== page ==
HC-000A: Honorary Consular Officers
Includes Canadian citizens, level foreign representatives or a Consular Post where headed by Honorary Consular;
CS-000A: Consular Staff
Includes administrative, technical and service level foreign representatives and their dependents; and
SR-000A: Special Representative
Includes foreign officials and their dependents from Offices of Political Subdivisions of Foreign State and from other Office and for their Offices.
Interestingly, a Canadian citizen residing in British Columbia may be appointed as an Honourary Consular Officer, and should they wish to obtain a special 'HC' plate they would need to obtain a "Letter of Entitlement" from the federal Office of Protocol via the supervising foreign mission. They would then present this letter of entitlement in person at an ICBC office, along with a valid Canadian Passport or a valid British Columbia Driver’s Licence. Only one vehicle owned or leased by an Honorary Consular Officer will be eligible to have the special plates — any other vehicle will have to be licensed with a regular British Columbia plate.
The new Consular plates also displayed some minor design modifications, including the deletion of the "Beautiful" slogan; the replacement of the "Spirit of BC Flag" with the fashionable new "Mountain" logo (minus "The Best Place on Earth" slogan - which is not surprising given the potential indignity of requiring representatives of foreign countries to promote such a claim). Similar to the Olympic plates, a divided decal box has also been introduced to make it easier for motorists to figure out where they are suppose to affix their date decals.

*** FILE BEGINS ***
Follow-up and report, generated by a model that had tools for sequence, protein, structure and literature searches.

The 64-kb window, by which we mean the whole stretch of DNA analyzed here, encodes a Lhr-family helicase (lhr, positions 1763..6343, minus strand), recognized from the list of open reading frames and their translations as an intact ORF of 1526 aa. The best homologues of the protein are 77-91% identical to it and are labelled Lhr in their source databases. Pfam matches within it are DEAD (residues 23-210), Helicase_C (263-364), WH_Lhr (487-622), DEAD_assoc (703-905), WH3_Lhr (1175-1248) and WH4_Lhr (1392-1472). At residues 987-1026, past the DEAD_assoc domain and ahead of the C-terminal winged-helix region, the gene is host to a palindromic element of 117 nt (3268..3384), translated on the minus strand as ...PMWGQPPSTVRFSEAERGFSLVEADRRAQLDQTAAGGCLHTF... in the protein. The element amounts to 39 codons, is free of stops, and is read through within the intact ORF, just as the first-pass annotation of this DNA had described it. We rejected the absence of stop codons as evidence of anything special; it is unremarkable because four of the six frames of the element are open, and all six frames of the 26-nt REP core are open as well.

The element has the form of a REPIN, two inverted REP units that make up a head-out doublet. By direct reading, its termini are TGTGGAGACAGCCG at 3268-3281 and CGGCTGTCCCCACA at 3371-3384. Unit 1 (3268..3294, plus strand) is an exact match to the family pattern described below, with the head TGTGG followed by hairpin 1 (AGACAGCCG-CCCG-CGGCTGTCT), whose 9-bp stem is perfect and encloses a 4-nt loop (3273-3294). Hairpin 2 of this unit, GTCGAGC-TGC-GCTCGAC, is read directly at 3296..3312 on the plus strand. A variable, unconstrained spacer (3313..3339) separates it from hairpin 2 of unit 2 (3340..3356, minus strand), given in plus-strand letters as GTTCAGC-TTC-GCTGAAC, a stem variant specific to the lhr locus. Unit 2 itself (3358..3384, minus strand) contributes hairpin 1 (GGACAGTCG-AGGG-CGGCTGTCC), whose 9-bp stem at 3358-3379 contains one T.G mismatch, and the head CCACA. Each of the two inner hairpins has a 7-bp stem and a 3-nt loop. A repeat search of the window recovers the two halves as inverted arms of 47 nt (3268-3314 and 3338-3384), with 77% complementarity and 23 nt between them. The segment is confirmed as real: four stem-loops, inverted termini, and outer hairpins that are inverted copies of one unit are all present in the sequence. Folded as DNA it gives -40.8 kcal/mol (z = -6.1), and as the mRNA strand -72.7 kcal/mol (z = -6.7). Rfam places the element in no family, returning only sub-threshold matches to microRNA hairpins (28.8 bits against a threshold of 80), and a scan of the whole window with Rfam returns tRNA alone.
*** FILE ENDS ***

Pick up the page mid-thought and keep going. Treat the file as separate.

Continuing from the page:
The most interesting change - especially in light of the subsequent announcement by ICBC regarding the serial format to be used on passenger plates in 2013 - was the use of a "AA0-00A" serial format. It is not clear if it was intended at the time, but the "AA0-00A" format was effectively trialed on the Consular base for three years before being designated for use on all passenger vehicles as a way to extend the life of the "Flag" base by another 8 million combinations (to read more, Click here).

ABOVE: Attached to a Kia, one can only assume that this vehicle belongs to a Career Consular Officer from South Korea.

AT RIGHT: Seymour Street in Vancouver near the Greek and German Consulates with a parking sign restricting the on-street parking to vehicles belonging to staff working for these Consulates (such as the vehicle shown).



Sources
Province of British Columbia, Consular Corps, http://www.protocol.gov.bc.ca/protocol/prgs/consular/consular.htm, (October 28, 2001)
Dan Howlett, "Decoding British Columbia License Plates", http://www.kasumirecords.com/bcplates/index.htm (Ocotber 29, 2001)
Vancouver Province Newspaper
Victoria Colonist Newspaper